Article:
Email:, website:

Press information from: Tim Jennings, MJPR Ltd, Wyvols Court, Swallowfield, Reading, Berkshire, RG7 1RW.

Email:, website:


With low emission requirements making lightweight and composite materials an essential element of automotive engineering, facilities for testing structural dynamics, modal analysis, measuring vibration effects and correlating finite element analysis/computer-aided engineering (FEA/CAE) models are much in demand. ASDEC’s state-of-the-art facility offers next-generation, non-contact technology to deliver an order of magnitude increase in speed, accuracy and volume of measurements when compared with traditional testing techniques. ASDEC’s measurement facility is unique in its ability to offer measurement, testing and in-depth analysis of results from a single source and is also backed by the University of Leicester providing access to academic research in the field of advanced materials.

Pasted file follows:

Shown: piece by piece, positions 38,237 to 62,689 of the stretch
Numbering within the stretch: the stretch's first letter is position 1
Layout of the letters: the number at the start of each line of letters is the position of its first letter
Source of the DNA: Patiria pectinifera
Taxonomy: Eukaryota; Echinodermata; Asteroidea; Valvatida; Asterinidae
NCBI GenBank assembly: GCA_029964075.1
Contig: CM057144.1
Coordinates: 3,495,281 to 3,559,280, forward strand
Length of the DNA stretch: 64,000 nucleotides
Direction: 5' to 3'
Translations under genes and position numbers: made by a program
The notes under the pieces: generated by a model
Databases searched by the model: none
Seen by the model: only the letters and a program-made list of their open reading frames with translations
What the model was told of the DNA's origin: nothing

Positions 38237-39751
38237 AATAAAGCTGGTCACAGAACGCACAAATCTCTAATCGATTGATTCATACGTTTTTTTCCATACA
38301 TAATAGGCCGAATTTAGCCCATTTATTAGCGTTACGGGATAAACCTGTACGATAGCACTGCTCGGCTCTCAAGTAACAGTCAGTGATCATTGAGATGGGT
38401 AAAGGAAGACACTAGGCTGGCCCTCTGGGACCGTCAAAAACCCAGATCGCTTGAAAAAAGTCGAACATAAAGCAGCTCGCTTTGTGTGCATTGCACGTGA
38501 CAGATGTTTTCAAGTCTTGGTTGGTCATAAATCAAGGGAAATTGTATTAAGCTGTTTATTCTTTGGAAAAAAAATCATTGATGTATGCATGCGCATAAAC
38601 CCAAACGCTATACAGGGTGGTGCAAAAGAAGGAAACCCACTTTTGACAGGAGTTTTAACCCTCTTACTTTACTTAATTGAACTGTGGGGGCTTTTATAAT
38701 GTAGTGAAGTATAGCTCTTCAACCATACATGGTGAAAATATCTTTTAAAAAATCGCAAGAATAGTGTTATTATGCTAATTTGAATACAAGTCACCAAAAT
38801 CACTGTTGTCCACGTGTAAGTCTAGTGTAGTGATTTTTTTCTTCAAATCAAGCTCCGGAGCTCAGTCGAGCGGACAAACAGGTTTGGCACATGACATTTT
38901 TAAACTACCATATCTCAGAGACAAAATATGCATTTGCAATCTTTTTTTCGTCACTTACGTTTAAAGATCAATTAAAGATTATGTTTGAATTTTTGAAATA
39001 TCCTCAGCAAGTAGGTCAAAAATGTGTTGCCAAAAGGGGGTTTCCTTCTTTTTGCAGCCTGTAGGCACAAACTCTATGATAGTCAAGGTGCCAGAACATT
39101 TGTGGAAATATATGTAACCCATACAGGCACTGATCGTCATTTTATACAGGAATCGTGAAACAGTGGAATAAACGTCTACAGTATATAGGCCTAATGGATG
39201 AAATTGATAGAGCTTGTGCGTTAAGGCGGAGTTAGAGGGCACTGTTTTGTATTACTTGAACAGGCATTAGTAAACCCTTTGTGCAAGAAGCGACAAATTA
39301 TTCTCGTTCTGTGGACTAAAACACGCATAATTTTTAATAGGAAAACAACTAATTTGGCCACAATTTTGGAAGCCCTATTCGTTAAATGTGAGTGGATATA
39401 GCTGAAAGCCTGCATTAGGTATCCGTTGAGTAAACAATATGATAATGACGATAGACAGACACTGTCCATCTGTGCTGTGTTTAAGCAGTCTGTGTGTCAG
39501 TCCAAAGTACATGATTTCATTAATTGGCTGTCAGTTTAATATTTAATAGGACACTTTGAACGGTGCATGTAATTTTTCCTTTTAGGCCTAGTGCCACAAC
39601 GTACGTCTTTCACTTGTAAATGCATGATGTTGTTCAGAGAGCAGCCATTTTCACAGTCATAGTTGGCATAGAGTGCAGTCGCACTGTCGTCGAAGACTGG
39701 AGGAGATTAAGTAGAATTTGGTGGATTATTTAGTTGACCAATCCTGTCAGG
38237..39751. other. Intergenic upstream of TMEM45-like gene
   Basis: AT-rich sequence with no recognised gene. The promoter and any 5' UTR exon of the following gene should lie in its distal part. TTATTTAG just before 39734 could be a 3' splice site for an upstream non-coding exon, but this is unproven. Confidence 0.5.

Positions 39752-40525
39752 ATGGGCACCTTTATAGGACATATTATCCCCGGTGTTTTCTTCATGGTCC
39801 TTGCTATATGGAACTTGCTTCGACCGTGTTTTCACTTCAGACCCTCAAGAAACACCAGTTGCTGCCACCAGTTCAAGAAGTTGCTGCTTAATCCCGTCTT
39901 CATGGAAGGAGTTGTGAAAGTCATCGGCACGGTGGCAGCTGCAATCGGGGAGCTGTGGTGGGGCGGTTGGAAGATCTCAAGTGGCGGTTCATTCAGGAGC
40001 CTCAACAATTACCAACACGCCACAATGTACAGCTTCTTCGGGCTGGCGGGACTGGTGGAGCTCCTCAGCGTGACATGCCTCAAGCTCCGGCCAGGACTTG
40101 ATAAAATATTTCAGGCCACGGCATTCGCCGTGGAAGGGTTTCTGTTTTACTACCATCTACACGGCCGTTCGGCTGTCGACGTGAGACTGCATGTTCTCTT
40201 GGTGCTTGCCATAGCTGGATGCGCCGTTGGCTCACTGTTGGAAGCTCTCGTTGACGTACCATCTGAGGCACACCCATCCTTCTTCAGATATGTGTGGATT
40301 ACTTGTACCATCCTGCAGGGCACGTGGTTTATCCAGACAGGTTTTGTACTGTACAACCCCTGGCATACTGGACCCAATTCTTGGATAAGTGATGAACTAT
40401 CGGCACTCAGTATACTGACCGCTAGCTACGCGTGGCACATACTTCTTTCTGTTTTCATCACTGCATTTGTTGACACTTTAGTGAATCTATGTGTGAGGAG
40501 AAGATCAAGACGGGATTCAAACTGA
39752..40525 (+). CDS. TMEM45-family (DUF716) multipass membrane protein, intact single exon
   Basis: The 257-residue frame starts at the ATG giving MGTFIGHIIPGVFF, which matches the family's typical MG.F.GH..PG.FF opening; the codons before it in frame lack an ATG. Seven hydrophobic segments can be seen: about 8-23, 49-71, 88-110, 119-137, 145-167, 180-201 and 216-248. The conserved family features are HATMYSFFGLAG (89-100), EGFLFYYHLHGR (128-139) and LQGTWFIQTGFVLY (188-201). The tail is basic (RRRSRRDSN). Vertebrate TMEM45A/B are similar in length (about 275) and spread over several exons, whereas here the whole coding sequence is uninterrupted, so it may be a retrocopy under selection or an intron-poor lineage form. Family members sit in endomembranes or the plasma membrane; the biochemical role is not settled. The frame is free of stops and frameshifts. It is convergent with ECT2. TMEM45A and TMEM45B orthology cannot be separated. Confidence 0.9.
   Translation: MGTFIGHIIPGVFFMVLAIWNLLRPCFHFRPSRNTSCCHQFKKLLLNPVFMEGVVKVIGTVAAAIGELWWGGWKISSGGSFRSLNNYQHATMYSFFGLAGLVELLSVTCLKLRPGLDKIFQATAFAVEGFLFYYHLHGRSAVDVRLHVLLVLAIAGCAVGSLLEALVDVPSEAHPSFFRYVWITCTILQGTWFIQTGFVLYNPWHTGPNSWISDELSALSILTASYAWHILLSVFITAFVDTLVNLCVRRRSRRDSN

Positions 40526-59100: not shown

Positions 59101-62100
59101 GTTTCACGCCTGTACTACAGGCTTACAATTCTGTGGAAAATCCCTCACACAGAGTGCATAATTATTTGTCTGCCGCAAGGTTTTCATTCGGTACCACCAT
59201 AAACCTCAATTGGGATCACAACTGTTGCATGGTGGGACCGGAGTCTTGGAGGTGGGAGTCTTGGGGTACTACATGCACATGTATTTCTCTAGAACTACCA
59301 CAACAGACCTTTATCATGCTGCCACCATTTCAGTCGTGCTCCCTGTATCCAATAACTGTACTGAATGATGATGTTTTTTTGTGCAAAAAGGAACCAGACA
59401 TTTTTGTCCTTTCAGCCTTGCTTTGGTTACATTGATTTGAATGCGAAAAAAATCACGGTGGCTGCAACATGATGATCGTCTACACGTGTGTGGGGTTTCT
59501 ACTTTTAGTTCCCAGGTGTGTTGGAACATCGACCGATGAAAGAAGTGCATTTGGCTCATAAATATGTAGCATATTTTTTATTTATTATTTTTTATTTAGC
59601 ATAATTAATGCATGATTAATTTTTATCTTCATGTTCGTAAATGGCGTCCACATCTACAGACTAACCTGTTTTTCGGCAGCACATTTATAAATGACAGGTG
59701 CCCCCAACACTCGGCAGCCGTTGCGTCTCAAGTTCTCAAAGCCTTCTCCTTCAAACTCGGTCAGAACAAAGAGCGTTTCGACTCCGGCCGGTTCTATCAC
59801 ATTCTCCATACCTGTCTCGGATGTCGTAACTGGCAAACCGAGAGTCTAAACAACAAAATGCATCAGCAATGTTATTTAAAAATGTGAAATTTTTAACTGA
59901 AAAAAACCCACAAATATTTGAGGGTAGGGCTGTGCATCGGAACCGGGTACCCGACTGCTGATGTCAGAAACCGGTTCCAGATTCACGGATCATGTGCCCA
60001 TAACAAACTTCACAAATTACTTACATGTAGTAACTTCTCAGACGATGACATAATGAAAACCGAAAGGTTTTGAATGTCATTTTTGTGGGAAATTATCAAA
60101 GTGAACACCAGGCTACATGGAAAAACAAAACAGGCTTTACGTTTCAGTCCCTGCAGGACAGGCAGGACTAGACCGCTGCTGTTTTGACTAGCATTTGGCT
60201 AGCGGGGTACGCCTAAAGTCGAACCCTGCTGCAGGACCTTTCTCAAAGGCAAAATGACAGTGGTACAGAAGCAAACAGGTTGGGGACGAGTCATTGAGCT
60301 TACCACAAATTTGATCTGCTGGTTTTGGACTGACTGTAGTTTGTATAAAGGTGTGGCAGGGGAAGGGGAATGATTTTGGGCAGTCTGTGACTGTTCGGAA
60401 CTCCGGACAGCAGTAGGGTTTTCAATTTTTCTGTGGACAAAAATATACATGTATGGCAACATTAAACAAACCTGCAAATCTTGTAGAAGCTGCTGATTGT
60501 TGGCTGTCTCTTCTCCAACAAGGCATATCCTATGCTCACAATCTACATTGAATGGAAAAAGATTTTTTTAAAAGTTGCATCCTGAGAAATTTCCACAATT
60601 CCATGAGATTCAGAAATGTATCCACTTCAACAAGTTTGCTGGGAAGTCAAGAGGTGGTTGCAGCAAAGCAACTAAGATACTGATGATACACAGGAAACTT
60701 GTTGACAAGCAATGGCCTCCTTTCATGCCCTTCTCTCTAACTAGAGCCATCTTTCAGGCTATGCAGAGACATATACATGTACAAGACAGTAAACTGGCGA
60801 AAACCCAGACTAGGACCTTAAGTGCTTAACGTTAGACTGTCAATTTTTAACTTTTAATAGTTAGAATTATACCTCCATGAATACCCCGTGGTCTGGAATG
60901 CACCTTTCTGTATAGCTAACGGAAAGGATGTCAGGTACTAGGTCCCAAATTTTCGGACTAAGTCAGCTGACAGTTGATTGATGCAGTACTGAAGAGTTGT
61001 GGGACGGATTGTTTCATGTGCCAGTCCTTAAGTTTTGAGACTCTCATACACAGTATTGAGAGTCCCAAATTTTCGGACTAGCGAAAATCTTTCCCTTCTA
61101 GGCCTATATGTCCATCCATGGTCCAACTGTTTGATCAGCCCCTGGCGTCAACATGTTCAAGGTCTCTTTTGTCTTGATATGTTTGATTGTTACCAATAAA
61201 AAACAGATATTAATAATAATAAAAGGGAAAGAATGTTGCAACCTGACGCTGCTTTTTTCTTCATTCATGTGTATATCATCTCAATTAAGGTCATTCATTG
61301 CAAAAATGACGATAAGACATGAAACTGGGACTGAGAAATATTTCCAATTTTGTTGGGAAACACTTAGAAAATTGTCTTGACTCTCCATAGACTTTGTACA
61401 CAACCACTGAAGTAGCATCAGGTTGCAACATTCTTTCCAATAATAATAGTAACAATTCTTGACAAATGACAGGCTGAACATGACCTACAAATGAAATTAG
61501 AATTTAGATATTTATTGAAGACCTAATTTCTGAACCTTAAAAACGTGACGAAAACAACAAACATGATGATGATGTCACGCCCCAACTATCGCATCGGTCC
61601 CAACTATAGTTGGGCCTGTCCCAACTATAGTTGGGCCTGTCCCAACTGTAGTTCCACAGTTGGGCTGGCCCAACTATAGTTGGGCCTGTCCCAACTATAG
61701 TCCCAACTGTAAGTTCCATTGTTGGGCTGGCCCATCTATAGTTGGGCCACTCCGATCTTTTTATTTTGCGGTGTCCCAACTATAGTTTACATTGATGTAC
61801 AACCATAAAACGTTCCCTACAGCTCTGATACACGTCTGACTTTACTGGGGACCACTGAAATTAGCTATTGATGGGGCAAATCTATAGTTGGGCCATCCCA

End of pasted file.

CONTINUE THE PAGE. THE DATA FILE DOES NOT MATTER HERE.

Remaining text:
ASDEC’s robotised 3D scanning laser technology delivers repeatable test results in hours rather than days, covering many more test points to suit customers’ requirements from hundreds to many thousands and with far higher accuracy. Being non-contact, ASDEC’s measurement system also removes all observer effects such as accelerometer and cable mass as used in traditional testing which can alter the structural characteristics of the test object. This is especially true with new lightweight and composite materials so ASDEC anticipates high demand as these are increasingly adopted across the automotive sector.

ASDEC’s measurement technology provides vibration measurement and modal analysis to vehicle manufacturers and component makers across the automotive industry. Its wide range of applications encompasses brake squeal, powertrain, Body In White (BIW) modal test, noise vibration and harshness (NVH), in-car entertainment (ICE), buzz, squeak and rattle, CAE/FEA model validation and helping to solve drive-by noise issues. 


Share this page: